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The Rise and Fall of the World's Greatest Interurban Railway Center, 1893–1941
Published by: Indiana University Press
In the early twentieth century, an epic battle was waged across America between the interurban railway and the automobile, two technologies that arose at roughly the same time in the late 1890s. Nowhere was this conflict more evident than in the Midwest, and specifically Indiana, where cities of industry such as Indianapolis, Gary, and Terre Haute were growing faster every day. By 1904, Indianapolis had opened the Traction Terminal, which was widely acclaimed to be the largest and most impressive interurban station in the world. Yet, today there is only 90-mile remnant of this one great system still operating within Indiana.
Featuring over 90 illustrations and featuring contemporary accounts and newspaper articles from the period, Electric Indiana is a biographical study of the rise and fall of a onetime important transportation technology that achieved its most impressive development within the Hoosier state.
Introduction: Interurban versus Automobile
1. Memories and the Personal Discovery of Indiana's Interurban Era
2. The Promise of Electricity, The Peril of Gasoline
3. Investor's Dilemma: Interurban or Automobile?
4. Hoosier Hysteria; or, the Interurban Boom Years
5. Gas Belt Prosperity and Indiana's Interurban Pioneers
6. Hugh McGowan, Interurban Empire Builder
7. The Expansive Dozen Years
8. Growing Traffic, Going the Distance
9. Travel by Interurban
10. A Time for Sober Reflection
11. Jitney, the Emergence of an Intrusive Technology
12. Losing Traction, Rising Highway Competition
13. Deadly Delusion: The Comeback that Never Was
Appendix: Who Really Coined the Word "Interurban"?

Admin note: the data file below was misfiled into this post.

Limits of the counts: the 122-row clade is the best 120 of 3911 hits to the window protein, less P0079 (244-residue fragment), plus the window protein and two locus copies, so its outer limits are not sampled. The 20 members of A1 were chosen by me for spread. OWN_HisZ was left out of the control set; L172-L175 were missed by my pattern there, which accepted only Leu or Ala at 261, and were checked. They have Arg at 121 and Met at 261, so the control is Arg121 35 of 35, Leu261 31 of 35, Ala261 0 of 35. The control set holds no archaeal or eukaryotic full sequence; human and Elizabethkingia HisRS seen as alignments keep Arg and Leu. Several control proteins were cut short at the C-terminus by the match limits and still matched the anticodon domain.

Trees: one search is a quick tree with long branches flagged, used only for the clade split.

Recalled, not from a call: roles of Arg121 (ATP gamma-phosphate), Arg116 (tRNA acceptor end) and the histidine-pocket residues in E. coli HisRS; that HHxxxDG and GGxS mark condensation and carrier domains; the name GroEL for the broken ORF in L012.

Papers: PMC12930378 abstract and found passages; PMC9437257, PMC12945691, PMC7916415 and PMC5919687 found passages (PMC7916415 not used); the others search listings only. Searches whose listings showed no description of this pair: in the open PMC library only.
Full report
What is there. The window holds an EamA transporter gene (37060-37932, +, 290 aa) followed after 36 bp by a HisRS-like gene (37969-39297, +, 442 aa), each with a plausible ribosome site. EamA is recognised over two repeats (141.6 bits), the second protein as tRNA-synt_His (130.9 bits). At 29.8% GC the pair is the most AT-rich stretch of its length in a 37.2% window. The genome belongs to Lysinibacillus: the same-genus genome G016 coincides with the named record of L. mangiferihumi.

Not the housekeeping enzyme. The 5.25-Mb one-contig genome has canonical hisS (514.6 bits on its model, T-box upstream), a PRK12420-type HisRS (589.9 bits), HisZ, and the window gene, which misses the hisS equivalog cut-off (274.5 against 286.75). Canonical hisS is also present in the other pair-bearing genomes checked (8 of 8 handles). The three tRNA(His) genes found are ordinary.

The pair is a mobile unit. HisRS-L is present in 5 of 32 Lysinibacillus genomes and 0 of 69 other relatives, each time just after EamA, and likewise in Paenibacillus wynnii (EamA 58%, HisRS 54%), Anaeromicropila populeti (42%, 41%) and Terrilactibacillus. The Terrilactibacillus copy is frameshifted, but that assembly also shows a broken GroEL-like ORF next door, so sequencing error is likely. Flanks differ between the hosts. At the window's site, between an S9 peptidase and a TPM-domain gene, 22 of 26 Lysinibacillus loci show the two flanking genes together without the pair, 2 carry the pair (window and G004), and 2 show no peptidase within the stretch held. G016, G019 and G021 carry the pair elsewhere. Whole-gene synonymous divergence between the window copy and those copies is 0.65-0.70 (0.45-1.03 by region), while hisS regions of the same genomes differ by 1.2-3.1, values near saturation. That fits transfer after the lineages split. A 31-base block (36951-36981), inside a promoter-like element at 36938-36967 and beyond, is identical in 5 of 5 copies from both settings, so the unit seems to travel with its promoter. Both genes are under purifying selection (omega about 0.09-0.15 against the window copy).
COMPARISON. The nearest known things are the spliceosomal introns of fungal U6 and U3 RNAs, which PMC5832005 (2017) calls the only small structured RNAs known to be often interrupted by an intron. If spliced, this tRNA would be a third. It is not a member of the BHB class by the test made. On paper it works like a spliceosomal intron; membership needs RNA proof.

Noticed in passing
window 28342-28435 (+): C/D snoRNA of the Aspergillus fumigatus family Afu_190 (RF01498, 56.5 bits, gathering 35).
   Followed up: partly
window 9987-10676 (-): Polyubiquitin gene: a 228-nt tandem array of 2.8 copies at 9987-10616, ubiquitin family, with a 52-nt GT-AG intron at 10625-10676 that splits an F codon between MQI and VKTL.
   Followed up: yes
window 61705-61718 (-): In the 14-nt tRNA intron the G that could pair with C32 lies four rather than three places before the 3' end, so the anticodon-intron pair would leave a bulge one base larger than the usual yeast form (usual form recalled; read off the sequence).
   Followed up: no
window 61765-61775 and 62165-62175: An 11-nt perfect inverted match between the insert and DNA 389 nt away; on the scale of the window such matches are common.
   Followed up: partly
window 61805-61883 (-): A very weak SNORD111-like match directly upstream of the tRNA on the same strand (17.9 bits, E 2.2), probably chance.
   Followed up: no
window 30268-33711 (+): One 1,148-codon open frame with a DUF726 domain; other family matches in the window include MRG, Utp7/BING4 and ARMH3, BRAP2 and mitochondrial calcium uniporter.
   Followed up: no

Suggestions for Further Reading
Carlos Arnaldo Schwantes is author or editor of twenty books, as well as co-author (with Peter Hansen and Don Hofsommer) of Crossroads of a Continent: Missouri Railroads, 1851–-1921. He grew up in Greenfield and Indianapolis, Indiana, and now lives in Missouri. He is Saint Louis Mercantile Library Professor of History Emeritus at the University of Missouri – St. Louis, where he taught undergraduate and graduate history for exactly fifty years.
"Carlos Schwantes is an historian with a passion for electric railways. This book provides a lively and well-researched study of the Interurban Era in Indiana, a banner traction state. As such he fills a void in the interurban literature. Electric Indiana is a work that general readers and professional and amateur historians can learn from and fully enjoy. "~H. Roger Grant, Kathryn and Calhoun Lemon Professor of History, Clemson University
"Carlos Schwantes' extensive research focused on the industry leaders is a significant departure from existing literature resulting in considerable new knowledge being published on the rise and fall of the electric interurban railways of Indiana."~Norman Carlson, Managing Editor, First & Fastest.
"With 2,000 miles of interurban track, Indiana led the nation in offering low-cost, efficient public transportation. Carlos Schwantes combines fascinating details with broad analysis to explain the popularity of electric-powered interurbans and the disruption brought by roads, cars, and buses. Beautifully illustrated, Electric Indiana will appeal to scholars, transportation enthusiasts, and the general reader."~James H. Madison, Author of Hoosiers: A New History of Indiana